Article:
Whidbey Island

9/15/22

Today was magical!

It started with a string of coincidences that led me to meeting up with my friend Denise at the Port Townsend ferry to Whidbey Island. It was amazing enough that we were both visiting Port Townsend at the same time… but then we ended up getting on the same ferry, despite her being told when she drove up that it would be a four-to-five-hour wait until she could board a ferry!

We chatted a bit on the 30-minute boat ride, and then afterward we scrunched around the many items in her car so that she could give me and my rig a ride, about seven miles and 250 feet of elevation into the island! I was very grateful, despite my sardine-like riding conditions.

We stopped in the small town of Greenbank for lunch, catching up on our lives and reminiscing about mutual friends. She was heading north to Orcas Island afterward, and I was able to give her the name of the Indralaya camp that my seatmate on the Seattle-to-Bellingham bus had told me about a couple of weeks ago. Meanwhile, I contacted our mutual friends Frank and Sarah to see about staying with them for a couple of days upon my arrival in Portland. It was a perfect situation, because Denise has been living with them, and told me I could stay in her room!

I love all these serendipities.

After we parted ways, I continued by bike down the island’s main road, with about 17 miles left to reach my Warmshowers hosts in Clinton, right near the dock where I will catch the ferry tomorrow morning on my way to Seattle. (Their backyard literally overlooks the ferry dock.)

On my way, I made a point to stop at two parks, including a privately maintained one ($7 admission) called Earth Sanctuary. If you ever find yourself on Whidbey Island, I recommend visiting this place. There were many more wooded trails than I had time to explore, but I spent about an hour hiking the “Celestial trail” and it was just beautiful. And I didn’t see another bike, car, nor person during my entire time there.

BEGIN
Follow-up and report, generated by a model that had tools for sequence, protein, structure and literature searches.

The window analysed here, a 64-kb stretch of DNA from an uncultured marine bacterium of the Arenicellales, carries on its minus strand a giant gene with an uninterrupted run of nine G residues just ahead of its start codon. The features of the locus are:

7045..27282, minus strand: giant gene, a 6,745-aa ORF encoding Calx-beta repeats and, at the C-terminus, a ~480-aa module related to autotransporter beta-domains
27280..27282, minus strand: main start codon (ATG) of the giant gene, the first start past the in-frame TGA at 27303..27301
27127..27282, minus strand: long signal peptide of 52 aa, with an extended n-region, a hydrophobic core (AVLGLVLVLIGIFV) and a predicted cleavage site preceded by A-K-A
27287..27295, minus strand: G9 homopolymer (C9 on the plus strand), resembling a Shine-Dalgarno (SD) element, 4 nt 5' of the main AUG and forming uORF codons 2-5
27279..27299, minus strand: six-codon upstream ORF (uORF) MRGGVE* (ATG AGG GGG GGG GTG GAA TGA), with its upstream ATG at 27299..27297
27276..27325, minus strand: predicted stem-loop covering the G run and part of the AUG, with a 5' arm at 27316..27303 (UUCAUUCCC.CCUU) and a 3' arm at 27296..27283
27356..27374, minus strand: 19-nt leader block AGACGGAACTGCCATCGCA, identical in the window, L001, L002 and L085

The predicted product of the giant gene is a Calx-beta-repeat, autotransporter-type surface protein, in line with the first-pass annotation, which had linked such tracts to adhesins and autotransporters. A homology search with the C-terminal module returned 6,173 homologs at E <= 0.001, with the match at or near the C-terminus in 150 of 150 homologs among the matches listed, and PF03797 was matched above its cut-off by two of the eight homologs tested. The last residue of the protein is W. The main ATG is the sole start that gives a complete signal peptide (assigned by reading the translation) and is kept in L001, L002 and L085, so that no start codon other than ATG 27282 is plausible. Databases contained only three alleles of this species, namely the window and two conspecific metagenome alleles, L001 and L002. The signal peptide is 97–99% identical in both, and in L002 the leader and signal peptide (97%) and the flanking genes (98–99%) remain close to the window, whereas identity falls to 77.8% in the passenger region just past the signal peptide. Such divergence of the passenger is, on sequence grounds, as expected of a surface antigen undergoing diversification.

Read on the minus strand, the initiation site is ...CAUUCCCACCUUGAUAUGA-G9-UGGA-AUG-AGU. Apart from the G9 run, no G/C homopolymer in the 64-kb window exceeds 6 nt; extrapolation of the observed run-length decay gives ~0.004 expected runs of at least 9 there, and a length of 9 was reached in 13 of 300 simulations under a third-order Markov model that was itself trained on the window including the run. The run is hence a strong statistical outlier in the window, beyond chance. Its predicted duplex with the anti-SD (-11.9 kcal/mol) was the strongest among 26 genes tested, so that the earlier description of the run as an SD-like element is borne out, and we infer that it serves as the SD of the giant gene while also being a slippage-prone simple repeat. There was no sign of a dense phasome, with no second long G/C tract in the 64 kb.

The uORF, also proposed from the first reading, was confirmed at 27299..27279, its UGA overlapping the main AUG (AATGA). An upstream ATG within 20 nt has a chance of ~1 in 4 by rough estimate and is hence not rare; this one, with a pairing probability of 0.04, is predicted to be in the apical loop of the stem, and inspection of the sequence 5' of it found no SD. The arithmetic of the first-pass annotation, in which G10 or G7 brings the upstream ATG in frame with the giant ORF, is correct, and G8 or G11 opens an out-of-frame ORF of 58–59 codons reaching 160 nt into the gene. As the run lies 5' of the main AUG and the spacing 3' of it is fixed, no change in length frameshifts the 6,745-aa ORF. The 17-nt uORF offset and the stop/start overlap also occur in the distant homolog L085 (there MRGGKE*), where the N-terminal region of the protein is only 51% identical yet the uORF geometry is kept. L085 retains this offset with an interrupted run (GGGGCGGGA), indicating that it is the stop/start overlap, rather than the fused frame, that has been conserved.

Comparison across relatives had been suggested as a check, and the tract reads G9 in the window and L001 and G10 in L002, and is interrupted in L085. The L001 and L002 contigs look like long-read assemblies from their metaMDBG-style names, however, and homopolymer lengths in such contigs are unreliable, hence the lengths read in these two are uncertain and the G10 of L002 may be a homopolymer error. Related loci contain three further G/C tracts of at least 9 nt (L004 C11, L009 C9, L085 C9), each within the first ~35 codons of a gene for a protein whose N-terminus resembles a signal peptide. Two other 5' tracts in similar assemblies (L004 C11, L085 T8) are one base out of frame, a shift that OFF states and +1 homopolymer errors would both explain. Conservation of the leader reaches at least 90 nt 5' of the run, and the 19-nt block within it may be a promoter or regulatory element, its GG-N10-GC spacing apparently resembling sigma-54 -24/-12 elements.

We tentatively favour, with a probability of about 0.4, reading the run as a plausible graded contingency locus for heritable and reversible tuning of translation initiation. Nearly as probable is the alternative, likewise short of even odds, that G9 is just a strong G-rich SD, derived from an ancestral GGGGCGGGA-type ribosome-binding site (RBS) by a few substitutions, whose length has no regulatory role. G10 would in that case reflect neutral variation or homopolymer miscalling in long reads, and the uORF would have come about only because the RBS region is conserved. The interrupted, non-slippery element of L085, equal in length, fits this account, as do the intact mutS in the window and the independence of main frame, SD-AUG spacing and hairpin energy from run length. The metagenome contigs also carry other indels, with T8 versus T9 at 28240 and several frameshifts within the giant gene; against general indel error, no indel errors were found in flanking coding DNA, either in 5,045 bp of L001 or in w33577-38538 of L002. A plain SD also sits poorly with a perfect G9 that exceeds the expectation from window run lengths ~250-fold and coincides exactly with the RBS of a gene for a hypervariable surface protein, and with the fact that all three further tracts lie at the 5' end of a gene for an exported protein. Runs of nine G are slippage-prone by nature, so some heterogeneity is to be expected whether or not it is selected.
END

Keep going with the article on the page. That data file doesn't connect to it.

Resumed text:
On the way from the parking area to the wooded trails, I found many patches of this region’s ubiquitous blackberries, bursting with the bounty of the season. I feasted.

There were also several artistic touches on the way to the trails, including two large bells. I realized, with a slow smile, that I must have been gone from my party-store job for long enough now—more than a year—to have been able to react to seeing these by thinking, “Wow, look at that beautiful bell. I’m going to take the mallet and play some tones.” During my 18-year tenure at that job (part of which involved my maintaining the store’s extensive rental helium-tank inventory, some of which occasionally got stolen or lost) my first thought would have been, “That better not be one of our tanks!!”

In all, I probably biked about twenty miles today, including close to a thousand feet of climbing. I’m out of practice with hills, having been in the Midwest so long. I was definitely ready for a rest by the time I arrived at Debbie and Michael’s place.

We sat and enjoyed a long chat over dinner and snacks, while watching the sun set over the water, and the ferries come and go at half-hour intervals.

Tomorrow, on my way to Seattle, I’ll bike about 27 more miles, and climb at least another 1000 feet, if Google Maps is to be believed.

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